Prof Michael Blagg
September 19, 2011
The down turn of the economy has stirred up some issues that most people were not prepared to deal with. The unemployment rate is at a petrifying rate and the worst part is that it is even worse than it looks. There are many factors in addition to the unemployment rate alone that are going to prolong the recovery of the job market. In this paper, “underemployment” is defined and explained in terms of rates. Reasons why people are underemployed and how they got there are discussed. Why do people fear underemployment? What are some things that people can do to get themselves out of the rut of being underemployed? What are some ways to prevent unemployment?
These questions are answered along with many other questions as well. Although underemployment may seem like only a negative thing, these times in our economy are very a very important part of this country’s history and long term growth. Underemployment teaches a very valuable lesson to many people. When the economy is in a downward slope, the strongest people will survive in this economy and the weaker people will have devastating consequences.
Having recently celebrated Labor Day 2011, the truth is that many US workers are very scared of what direction this economy is going. We are now in the slowest economic recovery since the great depression and it is highly affecting families and their financial recourses are dwindling. The unemployment rates are very deceiving because they do not account for those whom are underemployed. The definition of underemployment is [A measure of employment and labor utilization in the economy that looks at how well the labor force is being utilized in terms of skills, experience and availability to work. Labor that falls under the underemployment classification includes those workers that are highly skilled but working in low paying jobs, workers that are highly skilled but work in low skill jobs and part-time workers that would prefer to be full-time. This is different from unemployment in that the individual is working but isn't working at their full capability.] (Investopedia.com)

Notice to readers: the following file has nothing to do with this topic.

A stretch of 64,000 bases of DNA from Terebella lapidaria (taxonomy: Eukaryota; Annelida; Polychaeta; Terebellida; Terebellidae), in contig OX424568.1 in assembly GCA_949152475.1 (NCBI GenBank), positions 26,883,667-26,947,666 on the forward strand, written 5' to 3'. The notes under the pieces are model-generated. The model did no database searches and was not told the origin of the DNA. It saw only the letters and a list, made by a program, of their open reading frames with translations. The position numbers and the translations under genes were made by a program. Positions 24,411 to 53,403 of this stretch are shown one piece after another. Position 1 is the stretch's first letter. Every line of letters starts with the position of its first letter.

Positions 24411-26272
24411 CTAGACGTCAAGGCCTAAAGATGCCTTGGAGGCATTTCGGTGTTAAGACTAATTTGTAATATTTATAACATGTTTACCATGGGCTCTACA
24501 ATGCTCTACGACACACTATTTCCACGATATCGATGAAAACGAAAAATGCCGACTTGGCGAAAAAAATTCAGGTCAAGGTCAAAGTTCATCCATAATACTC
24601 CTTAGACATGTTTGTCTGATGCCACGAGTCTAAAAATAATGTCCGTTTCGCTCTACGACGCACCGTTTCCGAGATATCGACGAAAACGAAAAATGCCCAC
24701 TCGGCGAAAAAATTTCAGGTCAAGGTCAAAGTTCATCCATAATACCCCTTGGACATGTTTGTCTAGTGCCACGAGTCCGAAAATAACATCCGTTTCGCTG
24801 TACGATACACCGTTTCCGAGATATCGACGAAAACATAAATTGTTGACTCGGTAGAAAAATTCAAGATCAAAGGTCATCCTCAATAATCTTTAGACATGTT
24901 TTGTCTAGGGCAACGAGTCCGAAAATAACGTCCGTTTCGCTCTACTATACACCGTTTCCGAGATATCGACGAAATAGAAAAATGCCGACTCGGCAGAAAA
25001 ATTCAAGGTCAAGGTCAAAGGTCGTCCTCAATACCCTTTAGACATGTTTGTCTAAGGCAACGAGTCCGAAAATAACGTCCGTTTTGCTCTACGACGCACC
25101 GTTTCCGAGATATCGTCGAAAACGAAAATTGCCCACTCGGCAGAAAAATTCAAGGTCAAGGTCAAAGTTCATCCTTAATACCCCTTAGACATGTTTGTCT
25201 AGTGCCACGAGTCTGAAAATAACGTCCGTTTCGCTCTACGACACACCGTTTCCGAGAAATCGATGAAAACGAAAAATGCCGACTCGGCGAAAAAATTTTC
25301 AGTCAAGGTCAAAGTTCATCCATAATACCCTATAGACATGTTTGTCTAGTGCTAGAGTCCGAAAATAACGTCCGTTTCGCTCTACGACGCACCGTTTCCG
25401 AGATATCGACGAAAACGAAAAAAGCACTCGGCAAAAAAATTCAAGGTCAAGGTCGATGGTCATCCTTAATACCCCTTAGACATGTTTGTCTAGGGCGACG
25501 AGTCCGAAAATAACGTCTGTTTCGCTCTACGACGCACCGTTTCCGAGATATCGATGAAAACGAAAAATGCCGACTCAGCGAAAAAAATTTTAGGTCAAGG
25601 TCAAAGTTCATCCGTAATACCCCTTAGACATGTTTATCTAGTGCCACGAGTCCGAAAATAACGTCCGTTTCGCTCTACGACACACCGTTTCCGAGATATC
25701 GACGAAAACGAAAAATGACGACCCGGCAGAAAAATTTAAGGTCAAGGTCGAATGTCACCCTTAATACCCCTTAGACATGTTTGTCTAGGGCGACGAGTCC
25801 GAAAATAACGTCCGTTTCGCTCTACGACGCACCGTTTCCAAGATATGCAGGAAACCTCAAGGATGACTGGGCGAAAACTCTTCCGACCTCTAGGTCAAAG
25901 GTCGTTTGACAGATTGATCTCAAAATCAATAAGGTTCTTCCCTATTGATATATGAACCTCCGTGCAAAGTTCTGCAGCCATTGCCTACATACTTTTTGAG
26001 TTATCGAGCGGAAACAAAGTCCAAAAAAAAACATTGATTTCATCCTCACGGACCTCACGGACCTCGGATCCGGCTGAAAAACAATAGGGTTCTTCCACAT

According to the Huffington Post, the 14 million unemployed Americans are not only competing with each other; they are competing with 8.8 million other people that are part time workers, which fall under the category “underemployed”, are not considered unemployed. There is also 2.6 million people that are not counted as unemployed because they have just given up on looking for work. Combined, the 14 million unemployed Americans, the part timers or underemployed workers that want full time work, and the people that got discouraged and just gave up looking, equal 16.2 percent of the working-aged Americans. (Wiseman & Leonard, 2011)
The unemployment rate does not fully explain the reality of this country’s economy. It does not put into account all those business owners whom are hanging on by a string trying to keep their heads above water and their businesses open. It does not show how many workers that are taking a lot less pay to try to keep some income coming in. It doesn’t show those who have had their hours cut down to just under full time so they lose their benefits. Many workers are going back to college, racking on more debt in hopes to be more marketable in the work force.
The issue here is that the recovery of unemployment is going to be prolonged more than the media makes it seem because they are not putting into account that those whom have part time work will most likely get moved to full time before any new people get hired. Next, all those discouraged people that gave up looking will eventually jump back into the market. With the scarcity of jobs people are taking anything they can to pay the bills, so the jobs that are normally considered “entry level” or “college” jobs are being taken by...